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Playing with Black and Yellow: The Evolvability of a Batesian Mimicry

Abstract

Irrespective of the selective advantage deriving from similar color pattern, the evolution of Batesian (and Müllerian) mimicry between distantly related insects groups has been perhaps facilitated by the availability to both models and mimics of similar pattern units more likely to be expressed, and to be modified in parallel ways, due to shared developmental constraints. We explore this hypothesis in a comparison of units of black-and-yellow color patterns between wasps (Vespidae) and those syrphids (Syrphidae) that are considered to be their Batesian mimics. As a proxy for evolvability we analyzed the co-occurrence of multiple color pattern within species (either as serial homologues or as expression of intraspecific variation) in 203 species of syrphids and 127 species of wasps. In both the wasps and the syrphids, the most frequent black-and-yellow patterns on the abdomen—all shared between the two insect groups—are also the most extensively linked in the networks of intraspecific co-occurrence, but are not the same in the two insect groups: in accordance with our hypothesis, this suggests positively biased evolvability.

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Acknowledgements

We are grateful to Mauro Bon and Marco Uliana for allowing us to work on Antonio Giordani Soika’s collection of wasps at the Natural History Museum, Venezia, to Christian F. Thompson for helping us with the access to the hoverfly materials in the collections of the Smithsonian National Museum of Natural History, to the two reviewer of a first version of this paper for their insightful suggestions. A special acknowledgment to Jason Pardo for helping with the statistical analysis.

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Correspondence to Marta Marchini.

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Fig. S1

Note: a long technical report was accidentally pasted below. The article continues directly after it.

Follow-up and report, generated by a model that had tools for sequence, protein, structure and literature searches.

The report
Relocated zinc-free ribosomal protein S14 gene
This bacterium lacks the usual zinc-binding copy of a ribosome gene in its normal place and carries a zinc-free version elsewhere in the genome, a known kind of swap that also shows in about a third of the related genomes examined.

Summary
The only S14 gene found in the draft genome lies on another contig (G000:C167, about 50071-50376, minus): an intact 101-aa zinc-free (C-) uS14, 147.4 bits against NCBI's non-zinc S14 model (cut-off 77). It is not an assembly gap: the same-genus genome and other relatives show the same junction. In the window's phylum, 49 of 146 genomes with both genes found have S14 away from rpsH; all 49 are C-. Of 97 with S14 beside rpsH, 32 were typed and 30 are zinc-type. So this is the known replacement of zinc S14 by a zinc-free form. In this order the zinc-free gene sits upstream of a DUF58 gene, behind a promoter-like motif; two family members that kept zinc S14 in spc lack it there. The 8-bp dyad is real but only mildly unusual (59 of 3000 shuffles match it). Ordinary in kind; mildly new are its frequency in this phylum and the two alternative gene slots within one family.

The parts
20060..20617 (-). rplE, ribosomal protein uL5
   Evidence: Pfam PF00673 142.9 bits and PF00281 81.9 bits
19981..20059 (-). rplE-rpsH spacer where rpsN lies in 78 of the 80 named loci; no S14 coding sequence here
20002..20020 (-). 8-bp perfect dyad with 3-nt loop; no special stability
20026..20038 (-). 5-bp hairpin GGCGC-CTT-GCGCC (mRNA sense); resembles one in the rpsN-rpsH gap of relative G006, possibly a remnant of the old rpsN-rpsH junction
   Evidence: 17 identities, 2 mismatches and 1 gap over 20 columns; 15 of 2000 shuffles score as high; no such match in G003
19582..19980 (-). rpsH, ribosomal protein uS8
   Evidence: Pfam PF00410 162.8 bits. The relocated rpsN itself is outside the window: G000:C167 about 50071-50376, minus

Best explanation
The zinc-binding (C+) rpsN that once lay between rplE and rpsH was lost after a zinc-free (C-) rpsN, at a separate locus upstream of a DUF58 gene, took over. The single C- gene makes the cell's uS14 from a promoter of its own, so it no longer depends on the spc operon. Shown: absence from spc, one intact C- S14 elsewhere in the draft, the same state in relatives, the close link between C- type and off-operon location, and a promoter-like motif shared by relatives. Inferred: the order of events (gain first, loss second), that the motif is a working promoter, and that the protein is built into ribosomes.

Histogram representing the simulated metric values of the wasp model (bars) resulting from the analysis using EcoSimR. The vertical continuous line represents the observed syrphids data. The vertical dash lines represent the cutpoints: 95% one-tailed long-dash and 95% two-tailed short-dash (JPEG 137 kb)

Fig. S2

Histogram representing the simulated metric values of the syrphid model (bars) resulting from the analysis using EcoSimR. The vertical continuous line represents the observed wasps data. The vertical dash lines represent the cutpoints: 95% one-tailed long-dash and 95% two-tailed short-dash (JPEG 135 kb)

Table S1

Black-and-yellow pattern recorded from 186 phenotypes in 127 species of Vespidae (XLSX 24 kb)

Table S2

Black-and-yellow pattern recorded from 273 phenotypes in 203 species of Syrphidae (XLSX 31 kb)

Table S3

Species-pattern occurrence matrix for wasps. Biogeographical data are included (XLSX 70 kb)

Table S4

Species-pattern occurrence matrix for syrphids. Biogeographical data are included (XLSX 82 kb)

Table S5

Pattern abundance for shared patterns (VII-XXII) in the species of wasp (W) and syrphids (S) by biogeographical province. Abbreviations: AFR, Afrotropic; AUS, Australasian, NEA, Nearctic, NEO, Neotropic, PAL, Palearctic. OR, Indomalayan; TOT, for sum of patterns within each biogegraphical province (DOCX 77 kb)

Table S6

Statistical test, rho (ρ) and p-value of Spearman correlation between wasps and syrphids by biogeographical province. Abbreviations: AFR, Afrotropic; AUS, Australasian, NEA, Nearctic, NEO, Neotropic, PAL, Palearctic. OR, Indomalayan (DOCX 12 kb)

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Marchini, M., Sommaggio, D. & Minelli, A. Playing with Black and Yellow: The Evolvability of a Batesian Mimicry. Evol Biol 44, 100–112 (2017). https://doi.org/10.1007/s11692-016-9397-0

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Keywords

  • Evolvability
  • Batesian mimicry
  • Vespidae
  • Syrphidae